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OPHTHALMIC IMAGE
Year : 2023  |  Volume : 3  |  Issue : 1  |  Page : 234

Lenticular zonular “asphericity”


Dr. Rajendra Prasad Centre for Ophthalmic Sciences, AIIMS, New Delhi, India

Date of Web Publication20-Jan-2023

Correspondence Address:
Amber A Bhayana
Dr R P Centre, AIIMS, New Delhi - 110 029
India
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Source of Support: None, Conflict of Interest: None


DOI: 10.4103/ijo.IJO_779_22

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How to cite this article:
Bhayana AA, Khokhar SK, Lakshmikanth S, Prasad P. Lenticular zonular “asphericity”. Indian J Ophthalmol Case Rep 2023;3:234

How to cite this URL:
Bhayana AA, Khokhar SK, Lakshmikanth S, Prasad P. Lenticular zonular “asphericity”. Indian J Ophthalmol Case Rep [serial online] 2023 [cited 2023 Feb 1];3:234. Available from: https://www.ijoreports.in/text.asp?2023/3/1/234/368222



A 25-year-old otherwise healthy male, after closed globe injury (right eye) he sustained 7 years back, was incidentally found to have a zonular with posterior subcapsular cataract [Figure 1]a and [Figure 1]b (best corrected visual acuity 20/40) on his routine examination. Notable was the “asphericity” of the opacified zonule [Figure 1]b and an opacity communicating from the posterior capsule to the opacified zonule [[Figure 1]c, arrow]. The “communication” might represent the tract of “traumatic hydrodelineation” from the micro-defect in the posterior capsule, which later got fibrosed. The asphericity of the zonule is an indirect indicator of the asphericity of our crystalline lens.[1]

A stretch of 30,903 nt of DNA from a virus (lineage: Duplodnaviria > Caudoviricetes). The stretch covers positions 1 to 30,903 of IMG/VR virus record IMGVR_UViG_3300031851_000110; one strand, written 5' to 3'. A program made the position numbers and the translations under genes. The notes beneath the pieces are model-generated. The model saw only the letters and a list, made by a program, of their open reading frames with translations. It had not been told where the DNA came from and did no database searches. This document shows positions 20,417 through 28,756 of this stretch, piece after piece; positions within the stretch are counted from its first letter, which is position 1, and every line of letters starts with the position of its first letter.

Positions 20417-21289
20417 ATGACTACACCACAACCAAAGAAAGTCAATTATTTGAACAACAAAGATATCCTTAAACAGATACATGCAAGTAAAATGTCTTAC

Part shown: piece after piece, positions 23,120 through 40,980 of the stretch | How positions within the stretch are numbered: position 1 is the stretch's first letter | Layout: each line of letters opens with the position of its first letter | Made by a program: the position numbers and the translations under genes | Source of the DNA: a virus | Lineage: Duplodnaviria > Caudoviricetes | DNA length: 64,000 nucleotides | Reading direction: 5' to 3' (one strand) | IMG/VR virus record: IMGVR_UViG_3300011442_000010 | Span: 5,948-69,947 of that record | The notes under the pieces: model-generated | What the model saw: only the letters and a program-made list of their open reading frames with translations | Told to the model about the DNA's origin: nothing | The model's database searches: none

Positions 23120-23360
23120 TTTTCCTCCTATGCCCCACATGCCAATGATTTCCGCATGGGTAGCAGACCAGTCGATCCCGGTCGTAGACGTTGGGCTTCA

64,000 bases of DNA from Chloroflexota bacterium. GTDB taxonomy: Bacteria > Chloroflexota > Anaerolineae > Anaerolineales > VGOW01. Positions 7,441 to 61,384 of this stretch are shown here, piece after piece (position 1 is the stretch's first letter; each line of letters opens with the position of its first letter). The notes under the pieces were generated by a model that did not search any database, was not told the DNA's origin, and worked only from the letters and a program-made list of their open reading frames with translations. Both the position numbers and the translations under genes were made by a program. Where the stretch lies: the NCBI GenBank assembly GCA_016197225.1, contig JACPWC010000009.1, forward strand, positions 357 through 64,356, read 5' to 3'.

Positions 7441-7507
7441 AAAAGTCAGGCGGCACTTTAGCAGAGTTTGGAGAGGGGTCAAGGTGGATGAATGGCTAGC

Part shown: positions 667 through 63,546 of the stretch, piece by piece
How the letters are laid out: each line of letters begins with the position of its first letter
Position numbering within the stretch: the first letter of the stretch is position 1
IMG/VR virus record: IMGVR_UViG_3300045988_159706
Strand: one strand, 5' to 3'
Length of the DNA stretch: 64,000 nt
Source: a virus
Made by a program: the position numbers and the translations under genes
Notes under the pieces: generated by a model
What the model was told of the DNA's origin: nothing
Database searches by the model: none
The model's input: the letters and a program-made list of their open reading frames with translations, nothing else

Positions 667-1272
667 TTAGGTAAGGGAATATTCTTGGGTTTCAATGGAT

Figure 1: (a) Retroillumination showing cataract; (b) anterior segment optical coherence tomography confirming the cataract to be zonular with the posterior subcapsular component; note the peripheral flattening of the anterior surface of the zonule, making it aspheric; (c) arrow shows a communicating opacity from the posterior capsule to the zonule

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  References Top

1.
Smith G, Cox MJ, Calver R, Garner LF. The spherical aberration of the crystalline lens of the human eye. Vision Res 2001;41:235-43.  Back to cited text no. 1
    


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